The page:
You may not know it, but humans have natural blind spots in both eyes. Your retina is made up of tiny, light-detecting cells called photoreceptors. Where the optic nerve connects to the retina has no light-sensitive cells and creates a blind spot. You don’t notice because your other eye compensates for it.
But the octopus doesn’t have blind spots. Their optic nerve extends from the back of the retina instead of the front so that no part of the retina is blocked.
Are Octopuses Nearsighted?
Octopuses are myopic or nearsighted, which means they can see nearby objects. However, they’re able to contract a muscle around their eyes which moves the lens closer to the retina and allows them to have near normal-sightedness.
Can Octopuses See Polarized Light?
Polarized light is light that vibrates in only one direction. The human eye is not particularly sensitive to polarized light. The closest we get to distinguish it is when wearing polarized sunglasses to cut down on glare to protect our eyes.
On the other hand, cephalopods, like octopus, are sensitive to polarized light. The ability to see polarized light can help with various tasks, including navigation, habitat localization, contrast enhancement, and communication. Polarized vision also allows the octopus to differentiate objects, similar to how we have color vision.
Do Octopuses Have Night Vision?
Most octopus species are nocturnal, meaning they’re active at night. Luckily, they can see very well both at night and during the day. They typically hunt at night and may even venture on land in search of food.
Do Octopus Eyes Work Together or Independently?
Because their eyes are on the sides of the head, the octopus primarily uses monocular vision and can move its eyes independently. Each pupil is controlled by its own muscles and nerves and gives octopuses the ability to rotate their eyes up to 80 degrees in either direction.
Do Octopuses Have Blue Eyes?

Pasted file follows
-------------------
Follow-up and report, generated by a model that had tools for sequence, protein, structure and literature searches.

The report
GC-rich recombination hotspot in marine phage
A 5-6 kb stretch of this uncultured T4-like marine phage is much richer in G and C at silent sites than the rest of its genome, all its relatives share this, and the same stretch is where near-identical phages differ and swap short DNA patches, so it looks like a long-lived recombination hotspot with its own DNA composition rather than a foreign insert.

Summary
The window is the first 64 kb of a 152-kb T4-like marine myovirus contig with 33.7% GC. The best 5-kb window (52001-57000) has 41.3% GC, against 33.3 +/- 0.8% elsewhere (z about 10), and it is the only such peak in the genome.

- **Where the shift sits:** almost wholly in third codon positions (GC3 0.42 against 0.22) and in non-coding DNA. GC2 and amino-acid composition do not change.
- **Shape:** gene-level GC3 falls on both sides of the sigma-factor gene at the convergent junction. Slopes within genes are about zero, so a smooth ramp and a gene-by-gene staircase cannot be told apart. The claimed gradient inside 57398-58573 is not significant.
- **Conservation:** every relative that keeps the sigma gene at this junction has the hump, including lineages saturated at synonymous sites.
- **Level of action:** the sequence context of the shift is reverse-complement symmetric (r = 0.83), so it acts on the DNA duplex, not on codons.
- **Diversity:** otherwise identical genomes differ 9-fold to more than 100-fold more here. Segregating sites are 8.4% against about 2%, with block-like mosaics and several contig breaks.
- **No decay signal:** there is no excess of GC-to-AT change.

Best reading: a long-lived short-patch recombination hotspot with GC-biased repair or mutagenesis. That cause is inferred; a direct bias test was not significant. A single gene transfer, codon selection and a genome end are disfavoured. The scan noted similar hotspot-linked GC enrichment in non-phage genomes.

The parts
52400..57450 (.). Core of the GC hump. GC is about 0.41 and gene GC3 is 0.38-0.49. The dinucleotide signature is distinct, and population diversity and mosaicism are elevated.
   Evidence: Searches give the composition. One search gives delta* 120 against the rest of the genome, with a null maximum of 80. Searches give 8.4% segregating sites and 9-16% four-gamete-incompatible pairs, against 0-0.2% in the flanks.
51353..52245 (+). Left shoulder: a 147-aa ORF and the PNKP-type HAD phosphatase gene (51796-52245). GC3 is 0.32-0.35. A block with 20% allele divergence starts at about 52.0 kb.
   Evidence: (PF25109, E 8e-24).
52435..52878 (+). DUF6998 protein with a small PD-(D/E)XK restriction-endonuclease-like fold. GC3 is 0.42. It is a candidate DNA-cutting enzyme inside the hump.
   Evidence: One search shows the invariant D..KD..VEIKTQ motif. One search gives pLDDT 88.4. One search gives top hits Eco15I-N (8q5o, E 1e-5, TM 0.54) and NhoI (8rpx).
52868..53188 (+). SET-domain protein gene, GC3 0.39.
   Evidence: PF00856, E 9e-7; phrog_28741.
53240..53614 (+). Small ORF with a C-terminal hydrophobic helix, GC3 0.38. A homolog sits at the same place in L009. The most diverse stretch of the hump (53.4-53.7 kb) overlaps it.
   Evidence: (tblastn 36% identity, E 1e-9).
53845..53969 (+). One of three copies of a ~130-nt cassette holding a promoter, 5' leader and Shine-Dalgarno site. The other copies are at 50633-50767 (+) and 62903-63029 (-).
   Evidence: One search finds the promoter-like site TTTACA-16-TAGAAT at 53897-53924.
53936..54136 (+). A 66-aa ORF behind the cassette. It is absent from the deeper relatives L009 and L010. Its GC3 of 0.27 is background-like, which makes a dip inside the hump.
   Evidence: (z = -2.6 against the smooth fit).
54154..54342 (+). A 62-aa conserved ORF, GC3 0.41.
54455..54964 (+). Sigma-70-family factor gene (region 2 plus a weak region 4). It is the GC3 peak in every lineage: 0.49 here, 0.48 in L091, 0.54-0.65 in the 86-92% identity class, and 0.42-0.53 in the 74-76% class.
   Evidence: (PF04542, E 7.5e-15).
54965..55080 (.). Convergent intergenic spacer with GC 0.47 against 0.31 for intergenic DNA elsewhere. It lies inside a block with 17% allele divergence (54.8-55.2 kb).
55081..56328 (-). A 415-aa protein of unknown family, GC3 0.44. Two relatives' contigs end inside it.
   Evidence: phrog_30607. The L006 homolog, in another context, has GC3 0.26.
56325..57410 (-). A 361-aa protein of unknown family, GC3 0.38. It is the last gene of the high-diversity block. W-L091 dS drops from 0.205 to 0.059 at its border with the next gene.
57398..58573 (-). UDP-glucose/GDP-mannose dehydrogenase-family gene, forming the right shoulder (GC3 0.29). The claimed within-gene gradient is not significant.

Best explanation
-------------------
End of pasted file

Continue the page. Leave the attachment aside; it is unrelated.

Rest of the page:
Although octopuses do not have blue eyes, they do have blue blood. Octopuses have a high metabolic rate that requires a lot of oxygen. The color comes from copper-based hemocyanin a protein that transports oxygen throughout their bodies more efficiently at low temperatures and low oxygen concentrations.
Can Octopuses Detect Light Without Using Their Eyes?
Octopuses have thousands of cells called chromatophores just beneath their skin surface. These chromatophores contain opsin molecules which are light-sensitive proteins also found in their eyes to help them detect light. Theoretically, this means octopuses can sense light with their skin.
Do Octopuses Smell with Their Eyes?
You may have noticed that the octopus doesn’t have a nose, but that doesn’t mean they can’t detect smells. In fact, they have an excellent sense of smell. Octopus can smell due to chemical sensors at the ends of their arms that not only feel but smell and taste as well. It’s why they often stick one arm into an opening. Octopuses are able to detect predators at a distance and get out of the way.
- Hanke et al. “The Eye of the Common Octopus (Octopus vulgaris).” Front. Physiol. January 2020.
- Stubbs et al. “Pupil Shape and Chromatic Aberration Can Provide Spectral Discrimination for Color Blind Animals” Museum of Vertebrate Zoology, Dept. of Integrative Biology, UC Berkeley April, 2015.
- Buresch et al. “Contact chemoreception in multi-modal sensing of prey by Octopus.” Journal of Comparative Physiology, April, 2022.
- Courage, KH. “Is Smell the Key To an Octopus’s Heart?” Scientific American, October, 2014.
- Byrne, RA. “Lateral asymmetry of eye use in Octopus vulgaris.” ANIMAL BEHAVIOUR, 2002.
- Ogura et al. “Comparative Analysis of Gene Expression for Convergent Evolution of Camera Eye Between Octopus and Human.” Genome Research, April, 2022.
- Zhang et al. “Cone photoreceptor classification in the living human eye from photostimulation-induced phase dynamics.” PNAS, April 2019.
- Rhodes, MJ. “Prospective Pilot Study Looking at the Size and Variation of the Blind Spot Scotoma in Adults Measured on the Octopus 900 Field Analyser.” Ophthalmology Research: An International Journal, 2013.
- Temple et al. “Thresholds of polarization vision in octopuses.” Journal of Experimental Biology, April, 2021.
- Bekerman et al. “Variations in eyeball diameters of the healthy adults.” Journal of Ophthalmology, November, 2014.
- Cuff et al. “Crystal structure of a functional unit from Octopus hemocyanin.” Journal of Molecular Biology, May 1998.
- Katz et al. “Feel the light: sight-independent negative phototactic response in octopus arms.” Journal of Experimental Biology, March, 2021.
- Hendry, L. “Octopuses keep surprising us – here are eight examples how.” Natural History Museum.